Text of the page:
The blood tests done were done in the fasted state (12 - 13 hours without food). I am quite muscular, so weight is not an issue for me. I generally watch what I eat as well (avoid fast foods etc).

With this situation, I am working with my Doctor and will be getting some more blood work done in a couple of months. I am really hoping to try some natural methods first and see if this improves my situation. If not, I think the Doc will place me on some Statin drugs.

I went through the results again and here is a little more information. The Pathologist provided results from some blood work I had done in 2004 and 2005. It is alarming to compare my cholesterol and triglyceride levels to what it is now;

2004 -
Cholesterol   -   5.5 mmol/L   ( Reference Range - 3.9 - 5.5 )
Triglyceride   -   2.0 mmol/L   ( Reference Range - 0.6 - 2.0 )
HDL   -   1.1 mmol/L   ( Reference Range - 0.9 - 1.50 )
LDL   -   3.5 mmol/L   ( Reference Range - 0.0 - 4.0 )
Chol / HDL Ratio   -   5.0   ( Reference Range - 0.0 - 4.5 )

2005 -
Cholesterol   -   5.2 mmol/L   ( Reference Range - 3.9 - 5.5 )
Triglyceride   -   2.3 mmol/L   ( Reference Range - 0.6 - 2.0 )
HDL   -   1.2 mmol/L   ( Reference Range - 0.9 - 1.50 )
LDL   -   2.9 mmol/L   ( Reference Range - 0.0 - 4.0 )
Chol / HDL Ratio   -   4.3   ( Reference Range - 0.0 - 4.5 )

So in 10 years, my cholesterol and triglyceride levels have shot up through the roof. I just don't get it. I have exercised consistently the past 6-7 years and my diet has been very good for the past 4-5 years.

I supplement with iodine, C, D3, A, K2, Krill Oil, Ashwaganda, Seaweed extract, resveratrol, curcumin, quercetin, copper, zinc, selenium, tocomin, magnesium.

Yes, sometimes these things change with age! Alarming, but not much we can do about that.

Check this website: I have heard recommendations for 1-2 grams per day of fish oil supplements. You are already taking Krill oil, so be sure your doctor knows about that, as well as how often you consume fatty fish, before he tells you how much fish oil to try.

You might also check to see what side effects are possible from your multitude of supplements. Vitamin D is also a component of cholesterol--I don't really know if vitamin D supplements might possibly affect blood cholesterol levels in a negative way. It does not appear to help lower cholesterol levels in studies.

Even if you are muscular, you haven't mentioned your height and weight. Any weight gain over the past 10 years? It usually happens! And again, something people don't usually think of, that drinking a lot of fruit juice--even though it's a 'healthy' food--can affect triglyceride levels.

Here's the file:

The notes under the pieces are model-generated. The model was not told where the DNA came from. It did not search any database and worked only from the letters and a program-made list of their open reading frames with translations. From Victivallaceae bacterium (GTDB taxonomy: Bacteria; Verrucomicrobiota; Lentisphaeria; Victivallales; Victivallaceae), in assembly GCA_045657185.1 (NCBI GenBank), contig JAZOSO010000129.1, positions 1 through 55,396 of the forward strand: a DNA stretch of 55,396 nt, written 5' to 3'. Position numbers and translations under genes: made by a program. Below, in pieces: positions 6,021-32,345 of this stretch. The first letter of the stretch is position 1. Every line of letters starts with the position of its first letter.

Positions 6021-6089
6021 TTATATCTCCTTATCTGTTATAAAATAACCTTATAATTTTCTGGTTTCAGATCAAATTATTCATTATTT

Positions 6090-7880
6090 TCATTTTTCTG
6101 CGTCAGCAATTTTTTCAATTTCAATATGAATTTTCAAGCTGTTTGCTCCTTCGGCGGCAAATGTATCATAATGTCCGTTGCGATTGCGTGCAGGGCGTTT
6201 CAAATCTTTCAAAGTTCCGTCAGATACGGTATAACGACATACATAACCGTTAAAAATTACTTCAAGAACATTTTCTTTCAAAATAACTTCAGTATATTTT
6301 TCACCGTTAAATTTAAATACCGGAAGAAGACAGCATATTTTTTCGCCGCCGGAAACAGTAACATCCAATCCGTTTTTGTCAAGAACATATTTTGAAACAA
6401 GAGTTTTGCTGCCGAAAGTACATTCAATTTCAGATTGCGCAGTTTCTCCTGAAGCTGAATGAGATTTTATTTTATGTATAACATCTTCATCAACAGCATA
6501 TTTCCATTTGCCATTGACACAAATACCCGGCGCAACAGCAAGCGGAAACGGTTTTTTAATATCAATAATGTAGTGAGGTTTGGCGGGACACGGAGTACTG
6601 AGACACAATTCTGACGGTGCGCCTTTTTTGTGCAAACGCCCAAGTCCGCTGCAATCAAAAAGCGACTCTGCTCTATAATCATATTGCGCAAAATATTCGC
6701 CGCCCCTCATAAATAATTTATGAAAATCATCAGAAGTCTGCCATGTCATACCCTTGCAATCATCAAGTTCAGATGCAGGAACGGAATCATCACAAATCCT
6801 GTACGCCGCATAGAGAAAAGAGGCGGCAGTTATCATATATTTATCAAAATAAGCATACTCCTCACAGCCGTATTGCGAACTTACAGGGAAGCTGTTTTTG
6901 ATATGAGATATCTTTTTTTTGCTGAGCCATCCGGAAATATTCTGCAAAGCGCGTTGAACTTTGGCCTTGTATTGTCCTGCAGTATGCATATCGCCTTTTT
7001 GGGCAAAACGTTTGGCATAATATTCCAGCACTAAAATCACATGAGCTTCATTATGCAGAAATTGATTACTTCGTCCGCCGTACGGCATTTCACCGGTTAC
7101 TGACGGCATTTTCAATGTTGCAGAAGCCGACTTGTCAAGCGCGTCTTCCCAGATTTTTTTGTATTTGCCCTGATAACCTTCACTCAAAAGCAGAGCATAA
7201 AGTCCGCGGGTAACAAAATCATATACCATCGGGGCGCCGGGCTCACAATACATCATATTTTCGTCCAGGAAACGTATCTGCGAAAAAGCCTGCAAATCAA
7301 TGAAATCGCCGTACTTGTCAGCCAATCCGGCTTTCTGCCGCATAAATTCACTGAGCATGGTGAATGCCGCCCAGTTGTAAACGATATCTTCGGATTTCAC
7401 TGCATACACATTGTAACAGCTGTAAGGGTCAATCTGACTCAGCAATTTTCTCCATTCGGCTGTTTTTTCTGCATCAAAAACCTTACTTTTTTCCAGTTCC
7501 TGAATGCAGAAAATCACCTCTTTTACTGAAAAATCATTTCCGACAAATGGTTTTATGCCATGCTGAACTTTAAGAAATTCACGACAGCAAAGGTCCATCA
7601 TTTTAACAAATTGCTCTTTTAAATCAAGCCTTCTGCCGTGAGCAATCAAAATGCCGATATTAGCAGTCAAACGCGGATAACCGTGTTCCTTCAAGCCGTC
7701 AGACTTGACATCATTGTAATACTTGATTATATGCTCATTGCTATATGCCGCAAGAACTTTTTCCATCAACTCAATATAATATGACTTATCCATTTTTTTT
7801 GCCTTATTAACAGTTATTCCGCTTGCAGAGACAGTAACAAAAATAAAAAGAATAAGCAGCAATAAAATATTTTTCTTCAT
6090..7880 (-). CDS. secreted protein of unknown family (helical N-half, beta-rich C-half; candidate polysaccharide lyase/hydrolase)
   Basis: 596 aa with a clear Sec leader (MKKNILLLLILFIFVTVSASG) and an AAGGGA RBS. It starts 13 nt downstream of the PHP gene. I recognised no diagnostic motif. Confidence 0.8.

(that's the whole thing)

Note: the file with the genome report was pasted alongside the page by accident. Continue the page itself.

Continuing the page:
Another prescription often used to treat cholesterol levels is Niacin, a B vitamin, although it is given in what is considered a pharmaceutical dose. You might be more comfortable with giving that a try and see what your doctor thinks: It might be necessary to obtain a prescription (it is here in the states) as it is different than just taking B supplement pills.

And I'm not aware of any contraindications to taking metamucil. It helps regulate bowel movements and provides added fiber which is shown to prevent several chronic diseases. So, again, that could help. I've heard of people lowering their cholesterol by 30 points after several weeks on metamucil.

And, finally, you might look into the Pritikin Diet which is extremely low in animal fat. There is actually a Pritikin Institute in the states where people go as a last resort to heart bypass surgery. Following a diet very low in animal products has reversed arterial plaque to extreme states. Run that by your physician as well.

Stay in touch and let me know what you're trying and what's working for you.
There is also a book called "The six week cholesterol cure" which is probably 25 years old by now, but might have some other ideas before you have to go on meds :)


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Laurie Beebe, MS, RD, LD


As a registered dietitian (RD)I am fully qualified to accurately answer questions regarding weight loss, including those from people with health conditions requiring dietary restrictions (diabetes, high blood pressure, high cholesterol, etc) who want to lose weight, or who have been advised to do so by their physician.


I have been a registered dietitian for over 30 years and have a certificate in Adult Weight Management through the commission on dietetic registration at Level 1 and Level 2. I am also trained in coaching through Coach U and currently work as a diet coach to help people lose weight the healthy way, through gradual habit changes.

Academy of Nutrition and Dietetics (AND), Weight Management Dietetic Practice Group, Nutrition Entreprenuers, St.Louis International Coach Federation, Toastmasters

Publications,,,, Today's Dietitian

Bachelor of Health Science from the University of Florida, 1983; Master of Science in Clinical Nutrition from Case Western Reserve University 1985; Certificate in Adult Weight Management 2006; CoachU core essentials grad 2007; Level 2 certificate in Adult Weight Management 2010.